This is pretty standard cookery, no matter what country you're in. Before stewing the meat, you want to give it a nice golden-brown crust. You're not cooking it through; that'll happen during the stewing phase. At this point, you just want some color on the meat. Some people will say you're "sealing in juices," but that of course is nonsense. It's a particularly goofy assertion in this kind of situation, where the meat will be submerged in hot liquid for the bulk of the cooking time. No, all you're doing is developing flavor; browned meat simply tastes better. Hardly surprising that this very common technique would be found in Iranian cooking.

While that's working, I also have to steam the several pounds of spinach greens. This, as it turns out, is a bit of a challenge. Raw spinach is fairly loose, in the bag, and doesn't really want to pack tightly under the best of conditions; the weight required by the recipe, therefore, represents a surprisingly large volume. The average home cook, using, say, a bamboo steamer in a wok, or a steamer basket in a pot of water, will probably have to separate the spinach into several batches.

I'm lucky to have a somewhat specialized piece of equipment, which allows me to steam all the spinach in just two passes:

As that finishes up, I see my chicken is about ready:

So let's get the sliced onion browning:

As that's underway, I pull the spinach out of the steamer. This is just the first half; amazing how much it shrinks down:

Behind the spinach, on the left, is the orange juice that'll be going into the stew; on the right is the freshly squeezed lime juice.

As the onions brown, the chopped parsley is added:

Followed by the spinach:

This is cooked for a little bit, and then the rest of the ingredients go in:

And stewing commences.

Note, incidentally, that there isn't any chicken stock or other broth here. The only liquid added is the juice (orange and a little lime). The rest of it is being given up by the spinach, the water absorbed and held during steaming. Pretty cool technique.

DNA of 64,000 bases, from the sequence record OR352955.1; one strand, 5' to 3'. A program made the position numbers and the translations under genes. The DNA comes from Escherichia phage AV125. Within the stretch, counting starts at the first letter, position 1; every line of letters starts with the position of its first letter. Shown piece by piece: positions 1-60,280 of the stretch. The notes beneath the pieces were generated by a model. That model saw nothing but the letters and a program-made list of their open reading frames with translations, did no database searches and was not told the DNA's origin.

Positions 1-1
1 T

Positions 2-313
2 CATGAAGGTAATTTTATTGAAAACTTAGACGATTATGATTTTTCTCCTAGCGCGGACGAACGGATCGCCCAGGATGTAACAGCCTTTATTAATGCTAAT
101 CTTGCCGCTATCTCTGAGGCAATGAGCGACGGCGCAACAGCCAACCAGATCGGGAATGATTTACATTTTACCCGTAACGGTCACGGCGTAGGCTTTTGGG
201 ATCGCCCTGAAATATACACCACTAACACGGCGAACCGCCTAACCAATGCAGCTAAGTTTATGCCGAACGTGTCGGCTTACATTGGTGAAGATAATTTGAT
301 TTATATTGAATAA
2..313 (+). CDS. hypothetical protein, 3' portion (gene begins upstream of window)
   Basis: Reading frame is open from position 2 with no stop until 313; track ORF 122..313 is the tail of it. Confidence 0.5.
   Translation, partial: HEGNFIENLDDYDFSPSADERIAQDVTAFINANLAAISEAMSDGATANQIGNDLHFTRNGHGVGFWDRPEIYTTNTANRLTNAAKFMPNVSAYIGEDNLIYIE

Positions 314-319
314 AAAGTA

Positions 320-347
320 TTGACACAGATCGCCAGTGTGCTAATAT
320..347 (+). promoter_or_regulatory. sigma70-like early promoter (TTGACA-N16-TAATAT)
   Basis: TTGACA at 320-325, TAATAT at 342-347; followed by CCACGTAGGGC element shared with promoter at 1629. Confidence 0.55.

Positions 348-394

An hour and a half later, along with a little bit of tinkering indicated by the recipe, and dinner is ready:

This wasn't the most delicious stew I've ever made, but given what I was looking for, it hit the spot dead center. It smelled great; the chicken was tender, the spinach was on the verge of melting, and the tangy orange tied both together.

If I were to do this again, I'd make a couple of tweaks, as follows:

To begin with, it was a little undersalted. The recipe says to "adjust seasoning" late in the process, but I've been a little cautious there, for two reasons. First, I prefer to salt earlier during cooking than later; salt added early is incorporated into the food and makes it taste seasoned, whereas salt added later just tastes, well, salty. As I learn the proportions and techniques behind Iranian food, I'll be figuring out the balance of saltiness, so I can add the correct amount as early as possible. And, second, I know I have a heavier hand with the salt than some people, so when I'm cooking for others I have to hold back a bit. Between these two facts, I'm finding that my Iranian cooking, in general, is coming out underseasoned. That, obviously, will be fixed with experience.

The other thing I'd do is try to fix the watery texture of the stew. Even though no broth was added, there's still a ton of moisture in the spinach. Some of it gets released when the spinach is added to the saute, and then it gets sucked back up again during stewing. The result, when plated, is a bit like squeezing a sponge. A few possible tricks come to mind (removing part of the spinach, pressing out the liquid, adding more rice flour to thicken, and stirring back in, for example).

Oh, and the last thing I'd change? Serve chelow, saffron-steamed white rice, instead of the wild brown rice I chose. When I told the Princess what I was doing, she stared at me in disbelief. "Brown rice?" she said, blinking in confusion. "Not white rice?" Nope, I said, I'd like to try this. "But... that's not right!" she said. "Please, can I make white rice?" No, I said, I'm making dinner. "But it's not right!" This went on for half an hour, escalating in intensity, until she sounded like she was pleading for mercy from an executioner. I was firm, though; she's repeatedly told me she wants to eat brown rice instead of white, because it's healthier, and has insisted on my making the substitution wherever possible. And, with that in mind, I had something I wanted to try. So I resolutely stayed the course, despite the fact that her wounded expression made me feel like I was asking her to shave her head and dump all of her purses and jewelry in the landfill.

The punchline: It would have been way better with white rice.

Next up: A stuffed vegetable, and some highly inappropriate comedy.